I guess that brings up another topic, what do you think of this small group idea?
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Old 01-27-2004, 03:57 PM   #27
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If the church you go to is so big that you don't know and trust your minister, your church is too big. That's where I draw the line. The minister should know the name of each member of the church, as long as the members put forth effort into introducing themselves and keeping in touch with the minister, but if they're not doing that, then that's another problem... You don't have to know everyone in the congregation, but I think in order to really trust and respect the minister, you have to know each other to some extent. And I'm guessing churches with 4000+ members can't claim to "know" their minister.
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Old 01-30-2004, 02:55 PM   #28
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Quote:
Originally posted by LivLuvAndBootlegMusic
If the church you go to is so big that you don't know and trust your minister, your church is too big. That's where I draw the line. The minister should know the name of each member of the church, as long as the members put forth effort into introducing themselves and keeping in touch with the minister, but if they're not doing that, then that's another problem... You don't have to know everyone in the congregation, but I think in order to really trust and respect the minister, you have to know each other to some extent. And I'm guessing churches with 4000+ members can't claim to "know" their minister.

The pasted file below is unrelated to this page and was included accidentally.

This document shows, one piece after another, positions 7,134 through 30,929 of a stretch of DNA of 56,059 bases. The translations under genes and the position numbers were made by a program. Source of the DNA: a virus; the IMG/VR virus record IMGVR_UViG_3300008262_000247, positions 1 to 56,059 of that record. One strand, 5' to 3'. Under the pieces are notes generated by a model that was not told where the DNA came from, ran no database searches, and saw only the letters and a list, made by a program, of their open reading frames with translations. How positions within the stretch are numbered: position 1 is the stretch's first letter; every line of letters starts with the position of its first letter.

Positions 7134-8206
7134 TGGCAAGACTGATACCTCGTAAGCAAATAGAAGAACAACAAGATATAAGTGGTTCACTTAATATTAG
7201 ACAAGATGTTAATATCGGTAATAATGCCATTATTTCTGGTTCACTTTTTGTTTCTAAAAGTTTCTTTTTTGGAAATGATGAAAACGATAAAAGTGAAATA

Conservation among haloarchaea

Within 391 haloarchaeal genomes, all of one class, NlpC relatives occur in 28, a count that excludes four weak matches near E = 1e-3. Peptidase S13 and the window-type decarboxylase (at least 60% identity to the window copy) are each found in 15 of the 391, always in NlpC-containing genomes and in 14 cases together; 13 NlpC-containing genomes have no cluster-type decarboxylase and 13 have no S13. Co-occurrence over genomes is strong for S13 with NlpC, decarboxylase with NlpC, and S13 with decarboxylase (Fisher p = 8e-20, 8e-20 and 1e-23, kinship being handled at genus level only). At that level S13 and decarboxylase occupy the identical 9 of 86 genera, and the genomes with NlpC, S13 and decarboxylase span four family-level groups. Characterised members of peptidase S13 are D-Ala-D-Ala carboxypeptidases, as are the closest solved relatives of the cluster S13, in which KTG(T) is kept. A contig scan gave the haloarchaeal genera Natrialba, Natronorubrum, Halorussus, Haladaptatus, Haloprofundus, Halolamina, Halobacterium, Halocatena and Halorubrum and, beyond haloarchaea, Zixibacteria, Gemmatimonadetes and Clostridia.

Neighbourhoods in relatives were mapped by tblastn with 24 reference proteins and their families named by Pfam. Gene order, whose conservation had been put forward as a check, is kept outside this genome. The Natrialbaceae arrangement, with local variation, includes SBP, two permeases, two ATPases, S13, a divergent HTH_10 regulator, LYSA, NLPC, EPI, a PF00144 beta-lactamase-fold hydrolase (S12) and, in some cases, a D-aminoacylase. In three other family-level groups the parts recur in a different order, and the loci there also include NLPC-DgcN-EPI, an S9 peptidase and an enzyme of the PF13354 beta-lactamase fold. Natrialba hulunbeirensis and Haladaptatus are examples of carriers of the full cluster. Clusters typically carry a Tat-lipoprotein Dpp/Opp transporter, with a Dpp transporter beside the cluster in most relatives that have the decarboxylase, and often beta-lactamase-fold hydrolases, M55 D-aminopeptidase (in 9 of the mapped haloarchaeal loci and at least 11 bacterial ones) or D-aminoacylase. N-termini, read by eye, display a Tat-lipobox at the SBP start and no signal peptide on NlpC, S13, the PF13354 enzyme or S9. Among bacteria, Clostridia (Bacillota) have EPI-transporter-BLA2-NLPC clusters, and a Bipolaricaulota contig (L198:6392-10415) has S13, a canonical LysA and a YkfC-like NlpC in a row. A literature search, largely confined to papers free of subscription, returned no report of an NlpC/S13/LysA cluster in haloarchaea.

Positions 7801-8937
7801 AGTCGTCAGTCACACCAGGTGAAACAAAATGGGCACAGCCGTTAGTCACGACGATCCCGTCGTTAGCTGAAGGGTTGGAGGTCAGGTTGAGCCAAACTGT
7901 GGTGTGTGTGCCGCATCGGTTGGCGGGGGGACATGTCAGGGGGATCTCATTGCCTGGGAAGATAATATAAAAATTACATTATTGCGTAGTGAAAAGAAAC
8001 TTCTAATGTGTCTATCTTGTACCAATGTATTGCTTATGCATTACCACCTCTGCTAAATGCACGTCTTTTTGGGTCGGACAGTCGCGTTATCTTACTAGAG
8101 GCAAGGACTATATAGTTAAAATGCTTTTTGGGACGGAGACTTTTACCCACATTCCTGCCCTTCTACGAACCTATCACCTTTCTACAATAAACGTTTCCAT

I agree with you here to a point. Our church has over 4000 members on paper. At least half are members because they want the connection to the church when their kids go to preschool or get married (members have a priority over non-members).

With weekly attendance at about 2000, it doesn't seem like a mega church. I too get lost at the mega churches (Saddleback, the Willow Creek of the west, is about 25 minutes away). As a church grows, it takes a lot more effort to reach out to all congregants. Having a pastoral staff connect with the congregation is always an issue. Last year, I challenged a couple of pastors with the question "If someone left the church, would you even know?"

I am surprised how many people our senior pastor knows at the church (actually, I was surprised he knew me - though we will be working together now on session and a committee).
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Old 02-01-2004, 01:18 AM   #29
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The Church I used to go to (and still go to occasionally) used overhead projectors for lyrics only. It was a necessity because it was a Catholic church for a specific ethnic group and it was simply not feasible to keep re-ordering non-English hymnals from overseas constantly.

It never bothered me.
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Old 02-01-2004, 02:18 AM   #30
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I just hate the feeling that I'm watching another movie, or class lecture presentation. Also, I need the music to sing the song, and I've never seen the notes projected at any of the churches I've been to.

I just like the idea of a hymnal. I like how it's organized, and in the back you can look things up by verse, composer, name, catagory, etc. A lot of times while were singing a hymn, I'm checking in the back to see if that composer has any other hymns, or if there are other hymns to that tune, etc. The hymnal also contains the creeds, the catechism, and the sacraments. You can take a hymnal home and have one of your own. It's hard to have all of this with see-through overhead sheets. I like to keep a Bible, a Heidelburg Catechism, and a Psalter Hymnal because I think those contain all of the songs, creeds, liturgies, scripture, etc of my particular denomination.

I can understand why it would be necessary to use a projector when the correct hymnal is not available though.